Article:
Even the mainstream media has to acknowledge the existence of a whole new category of thinker: one that is antiwar, anti-Fed, anti-police state, and pro-market. The libertarian view is even on the map of those who despise it. That, too, is Ron’s doing.
Young people are reading major treatises in economics and philosophy because Ron Paul recommended them. Who else in public life can come close to saying that?
How many bills did he get passed? Talk about missing the point.
Where are the hordes of students dying to learn from Herman Cain, Michele Bachmann, Rick Santorum, Newt Gingrich, Tim Pawlenty, or Mitt Romney?
Remember, too, that in politics there’s always some excuse for why the message of liberty can’t be delivered. I have to satisfy the party leadership. I have to keep the media off my back. The moment is inopportune. My constituents aren’t ready to hear it – so instead of explaining myself and persuading them, I’ll just keep my mouth shut, or minimize my position to the point where I sound like any old politician, except ten percent better.
And all the while, would-be donors are assured that this is all a facade, that the politician is really one of us and not what he appears to be. For the time being, you understand, he has to contradict his core beliefs in order to ingratiate himself into the favor of those whose support he will one day need.
Once elected, he still cannot really say what he thinks. Don’t you want him to get re-elected?
Ron never acted this way. At times he would explain the libertarian position in ways likely to resonate with a particular audience, but he never compromised or backed away.
It’s been said that if you ask Ron Paul a question, he gives you a straight answer. That’s an understatement. All through his presidential campaigns he sent the guardians of opinion into hysterics. Why, he can’t say that! That wasn’t even one of the choices! To the gatekeepers’ astonishment, his numbers kept on growing.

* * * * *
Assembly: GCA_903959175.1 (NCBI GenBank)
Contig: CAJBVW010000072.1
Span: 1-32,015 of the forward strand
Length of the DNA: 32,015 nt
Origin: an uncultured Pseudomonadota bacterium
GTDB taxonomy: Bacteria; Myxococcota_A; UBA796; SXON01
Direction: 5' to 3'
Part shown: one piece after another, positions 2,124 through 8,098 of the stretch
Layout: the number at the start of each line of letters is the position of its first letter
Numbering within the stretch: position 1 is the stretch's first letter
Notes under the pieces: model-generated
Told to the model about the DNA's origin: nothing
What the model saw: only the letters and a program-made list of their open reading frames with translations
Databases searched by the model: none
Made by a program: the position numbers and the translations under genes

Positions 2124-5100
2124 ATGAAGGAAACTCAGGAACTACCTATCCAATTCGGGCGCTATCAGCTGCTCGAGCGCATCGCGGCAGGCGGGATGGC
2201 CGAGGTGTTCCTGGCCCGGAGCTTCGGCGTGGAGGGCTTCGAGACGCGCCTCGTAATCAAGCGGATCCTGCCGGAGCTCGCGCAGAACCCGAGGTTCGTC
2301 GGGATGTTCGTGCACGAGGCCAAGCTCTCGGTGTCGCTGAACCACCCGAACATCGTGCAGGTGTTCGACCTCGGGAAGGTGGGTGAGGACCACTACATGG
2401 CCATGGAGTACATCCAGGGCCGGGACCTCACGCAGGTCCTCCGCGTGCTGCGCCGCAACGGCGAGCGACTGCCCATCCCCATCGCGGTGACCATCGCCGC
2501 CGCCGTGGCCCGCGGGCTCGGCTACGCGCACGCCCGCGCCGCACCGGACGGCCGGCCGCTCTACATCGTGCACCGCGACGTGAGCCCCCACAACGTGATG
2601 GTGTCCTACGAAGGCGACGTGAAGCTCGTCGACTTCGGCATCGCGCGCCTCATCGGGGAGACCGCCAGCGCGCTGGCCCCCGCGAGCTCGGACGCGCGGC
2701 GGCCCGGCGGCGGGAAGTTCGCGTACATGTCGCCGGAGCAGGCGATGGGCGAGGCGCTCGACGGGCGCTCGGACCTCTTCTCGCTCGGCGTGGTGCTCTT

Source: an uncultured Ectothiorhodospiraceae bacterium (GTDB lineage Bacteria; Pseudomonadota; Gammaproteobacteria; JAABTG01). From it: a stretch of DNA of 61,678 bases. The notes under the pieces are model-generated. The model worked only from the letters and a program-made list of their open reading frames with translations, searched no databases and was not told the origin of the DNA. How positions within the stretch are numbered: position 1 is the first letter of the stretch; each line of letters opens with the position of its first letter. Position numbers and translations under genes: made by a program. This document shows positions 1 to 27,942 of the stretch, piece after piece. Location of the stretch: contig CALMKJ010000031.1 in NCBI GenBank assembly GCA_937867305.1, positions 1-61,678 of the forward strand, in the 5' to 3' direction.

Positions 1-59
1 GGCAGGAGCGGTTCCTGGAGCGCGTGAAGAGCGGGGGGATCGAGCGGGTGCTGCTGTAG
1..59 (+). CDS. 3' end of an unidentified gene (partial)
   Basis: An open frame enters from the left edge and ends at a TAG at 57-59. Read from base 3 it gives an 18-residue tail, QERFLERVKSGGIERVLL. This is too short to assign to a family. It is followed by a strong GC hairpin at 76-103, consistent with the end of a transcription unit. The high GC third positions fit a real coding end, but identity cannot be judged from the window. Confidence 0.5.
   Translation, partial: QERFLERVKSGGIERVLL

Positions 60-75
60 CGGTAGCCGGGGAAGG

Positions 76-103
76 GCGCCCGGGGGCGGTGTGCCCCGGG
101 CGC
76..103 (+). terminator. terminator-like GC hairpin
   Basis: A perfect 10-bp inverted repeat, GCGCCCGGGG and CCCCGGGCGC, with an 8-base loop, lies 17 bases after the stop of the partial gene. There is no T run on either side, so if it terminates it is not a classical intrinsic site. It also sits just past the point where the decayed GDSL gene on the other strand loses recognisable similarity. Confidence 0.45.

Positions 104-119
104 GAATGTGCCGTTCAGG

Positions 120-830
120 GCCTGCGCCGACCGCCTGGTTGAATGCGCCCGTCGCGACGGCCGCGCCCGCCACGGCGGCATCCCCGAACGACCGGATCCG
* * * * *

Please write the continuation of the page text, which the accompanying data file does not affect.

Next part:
No politician is going to trick the public into embracing liberty, even if liberty were his true goal and not just a word he uses in fundraising letters. For liberty to advance, a critical mass of the public has to understand and support it. That doesn’t have to mean a majority, or even anywhere near it. But some baseline of support has to exist.
That is why Ron Paul’s work is so important and so lasting.
Ten years from now, no one will remember the men who opposed Ron in the GOP primaries. Half of them are forgotten already. But fifty years from now (and longer), young kids will still be learning from Ron: reading his books, following his recommendations for further study, and taking inspiration from his courage and principle.
With Ron’s Congressional career drawing to a close, we should remember that we have witnessed something highly unusual, and exceedingly unlikely to be repeated. And we should also remember Ron’s parting advice: the real revolution is not in Washington, DC. It’s in the world of ideas.
That’s what Ron is devoting the rest of his life to, and it’s one more thing he has to teach us. So watch for news of his institutionalized work for peace, his homeschooling curriculum, his homepage, and his TV network. Far from retiring, Ron Paul is stepping up his work for liberty. And in this work, there is a place for all of us.
December 21, 2012
Llewellyn H. Rockwell, Jr. [send him mail], former editorial assistant to Ludwig von Mises and congressional chief of staff to Ron Paul, is founder and chairman of the Mises Institute, executor for the estate of Murray N. Rothbard, and editor of LewRockwell.com. See his books.
Copyright © 2012 by LewRockwell.com. Permission to reprint in whole or in part is gladly granted, provided full credit is given.